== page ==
10. LinkedIn Is Not Your CV
Repeat after me: “LinkedIn is not my CV, LinkedIn is not my CV, LinkedIn is not my CV…”
This is probably the most common mistake I see in LinkedIn profiles. The option is there to simply upload your CV, edit your profile for formatting, and leave it at that.
Don’t do this.
By all means utilise the functionality – It saves a bit of time, particularly if LinkedIn is able to determine the names and dates of all your academic and work experience. But don’t kid yourself that this will be enough to get you results.
For one thing, LinkedIn is public, whereas your CV is not. If you read through your CV right now, you’ll probably realise that some of the information you’ve provided is not suitable for public display. If in doubt, it’s worth checking with your employer to ensure they are happy for you to include certain information in your public profile.
And there’s a second element to the public issue: at least in the early stages, most people would prefer not to alert their employer to the fact they’re job-hunting. LinkedIn gives you the option of hiding certain things from your profile (your membership to job-search groups, for example), as well as turning off activity broadcasts, which would inform your connections of changes made to your profile. Bear in mind, however, that all activity in open groups is publicly available – If you’re really paranoid that your boss will discover your intentions, stick to closed groups that require approval to join.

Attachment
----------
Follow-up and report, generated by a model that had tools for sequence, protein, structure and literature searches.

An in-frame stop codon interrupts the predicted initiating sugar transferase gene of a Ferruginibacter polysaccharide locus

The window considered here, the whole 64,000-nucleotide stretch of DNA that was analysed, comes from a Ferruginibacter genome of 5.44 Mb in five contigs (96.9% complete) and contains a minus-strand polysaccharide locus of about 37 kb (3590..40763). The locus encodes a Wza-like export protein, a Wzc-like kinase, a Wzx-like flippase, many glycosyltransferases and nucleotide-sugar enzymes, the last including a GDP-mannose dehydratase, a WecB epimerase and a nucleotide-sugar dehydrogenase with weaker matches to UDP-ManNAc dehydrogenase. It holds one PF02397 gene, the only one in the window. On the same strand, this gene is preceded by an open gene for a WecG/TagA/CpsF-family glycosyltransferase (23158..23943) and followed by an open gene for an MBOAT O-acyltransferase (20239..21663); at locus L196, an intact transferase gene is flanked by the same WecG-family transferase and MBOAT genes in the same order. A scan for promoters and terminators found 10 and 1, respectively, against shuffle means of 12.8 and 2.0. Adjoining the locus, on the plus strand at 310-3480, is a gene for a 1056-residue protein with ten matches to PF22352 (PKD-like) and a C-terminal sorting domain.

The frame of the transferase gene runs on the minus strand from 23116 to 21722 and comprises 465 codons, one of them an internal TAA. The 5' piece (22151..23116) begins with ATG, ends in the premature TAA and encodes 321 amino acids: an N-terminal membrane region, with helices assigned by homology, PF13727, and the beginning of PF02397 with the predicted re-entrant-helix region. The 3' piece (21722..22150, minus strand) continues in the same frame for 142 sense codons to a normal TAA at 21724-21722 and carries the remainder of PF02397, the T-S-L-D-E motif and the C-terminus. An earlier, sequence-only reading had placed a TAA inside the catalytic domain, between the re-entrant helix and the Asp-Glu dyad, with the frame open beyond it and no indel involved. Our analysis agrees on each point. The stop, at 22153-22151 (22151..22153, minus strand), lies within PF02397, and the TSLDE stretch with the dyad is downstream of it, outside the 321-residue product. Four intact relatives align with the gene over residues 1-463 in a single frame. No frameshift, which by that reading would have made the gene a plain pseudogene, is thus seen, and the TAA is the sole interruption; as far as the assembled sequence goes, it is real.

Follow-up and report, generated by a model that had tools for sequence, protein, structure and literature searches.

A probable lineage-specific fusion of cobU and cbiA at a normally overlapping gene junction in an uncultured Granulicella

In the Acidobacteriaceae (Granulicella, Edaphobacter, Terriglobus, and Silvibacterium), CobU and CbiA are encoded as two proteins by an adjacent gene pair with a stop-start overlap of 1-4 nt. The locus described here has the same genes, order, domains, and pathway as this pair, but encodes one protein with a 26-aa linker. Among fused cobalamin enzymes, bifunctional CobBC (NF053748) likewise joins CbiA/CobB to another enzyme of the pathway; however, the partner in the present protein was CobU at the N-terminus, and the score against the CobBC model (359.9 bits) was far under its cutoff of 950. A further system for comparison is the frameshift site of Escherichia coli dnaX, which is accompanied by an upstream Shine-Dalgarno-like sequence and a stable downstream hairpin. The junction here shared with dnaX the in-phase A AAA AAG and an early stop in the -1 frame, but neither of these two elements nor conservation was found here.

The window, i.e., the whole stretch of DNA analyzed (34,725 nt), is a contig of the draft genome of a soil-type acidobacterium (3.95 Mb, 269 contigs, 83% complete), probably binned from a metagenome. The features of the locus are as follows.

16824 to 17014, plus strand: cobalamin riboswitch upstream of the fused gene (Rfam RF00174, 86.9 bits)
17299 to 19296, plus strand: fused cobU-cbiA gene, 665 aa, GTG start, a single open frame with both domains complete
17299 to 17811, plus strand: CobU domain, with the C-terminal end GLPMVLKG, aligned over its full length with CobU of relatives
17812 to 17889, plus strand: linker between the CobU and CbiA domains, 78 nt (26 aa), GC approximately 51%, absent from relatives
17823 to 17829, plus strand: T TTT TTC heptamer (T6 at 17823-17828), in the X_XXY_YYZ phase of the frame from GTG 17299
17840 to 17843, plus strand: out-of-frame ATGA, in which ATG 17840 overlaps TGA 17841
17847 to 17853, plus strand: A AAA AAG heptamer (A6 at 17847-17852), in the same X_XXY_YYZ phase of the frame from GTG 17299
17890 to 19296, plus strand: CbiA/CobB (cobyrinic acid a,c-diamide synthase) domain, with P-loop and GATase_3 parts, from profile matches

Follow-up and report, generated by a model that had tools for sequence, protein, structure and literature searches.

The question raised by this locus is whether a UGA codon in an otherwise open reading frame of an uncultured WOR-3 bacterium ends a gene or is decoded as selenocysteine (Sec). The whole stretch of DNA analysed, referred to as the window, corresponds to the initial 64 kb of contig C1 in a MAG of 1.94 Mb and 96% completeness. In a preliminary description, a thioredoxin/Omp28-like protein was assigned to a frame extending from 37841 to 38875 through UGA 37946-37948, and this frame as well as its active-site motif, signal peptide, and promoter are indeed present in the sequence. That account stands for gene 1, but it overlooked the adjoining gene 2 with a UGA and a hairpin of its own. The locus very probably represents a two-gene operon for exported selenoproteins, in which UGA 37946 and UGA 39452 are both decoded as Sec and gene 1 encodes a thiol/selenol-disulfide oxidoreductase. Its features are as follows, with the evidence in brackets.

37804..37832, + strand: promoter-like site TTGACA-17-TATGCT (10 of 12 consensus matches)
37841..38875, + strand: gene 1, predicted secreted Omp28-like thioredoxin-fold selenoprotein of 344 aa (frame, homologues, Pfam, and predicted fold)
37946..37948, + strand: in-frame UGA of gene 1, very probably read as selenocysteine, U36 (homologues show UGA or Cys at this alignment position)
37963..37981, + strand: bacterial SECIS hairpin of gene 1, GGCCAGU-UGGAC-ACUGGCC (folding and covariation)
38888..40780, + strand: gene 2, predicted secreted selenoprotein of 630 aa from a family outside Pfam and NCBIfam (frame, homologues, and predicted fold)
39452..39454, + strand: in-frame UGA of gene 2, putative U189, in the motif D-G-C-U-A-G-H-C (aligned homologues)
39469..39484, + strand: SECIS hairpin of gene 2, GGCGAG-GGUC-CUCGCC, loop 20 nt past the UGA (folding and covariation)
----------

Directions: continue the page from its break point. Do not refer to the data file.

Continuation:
More than that, though, whilst your CV should be tailored to specific jobs, LinkedIn is much more about people and relationships. With that in mind, it makes sense to use a more casual voice when writing the content for your profile – Leave the hard selling for your CV.
The real advantage of a LinkedIn profile is the flexibility it provides over and above what you can do with your CV. You can, for instance, include publications, clickable links, personally identifiable recommendations from colleagues and clients, and so on. You’ve also got a ‘Skills & Endorsements’ section, in which you can list your primary areas of expertise – This is one of several ways in which potential connections can find you.
Finally, I’d like to address my biggest pet peeve where LinkedIn is concerned: Updates.
Your CV is a document which can (and should) be finished, in that it must be fully completed before being submitted to an employer. Your LinkedIn profile, by contrast, should be constantly evolving.
If I visit your LinkedIn profile, and it’s clear that there’s been no activity in the past year, how can I know that the information is still relevant?
Perhaps you’ve just submitted a job application, and your CV contains more recent information than your LinkedIn profile. How’s that going to look to your potential future employer when they look you up, or follow the link you provide don your CV? It’s common practice now for employers to ‘Google’ job applicants, and you don’t want the result of that search to be negative.
On that note, by the way, I strongly suggest you set your personal social media profiles (Facebook, Twitter, etc.) to private – Employers don’t need to know what you get up to in your spare time.
Simply put, the only way to get strong results from LinkedIn is to use it as the networking tool it was designed to be, and that means treating it as an entirely separate entity to your CV.
Keep it up to date.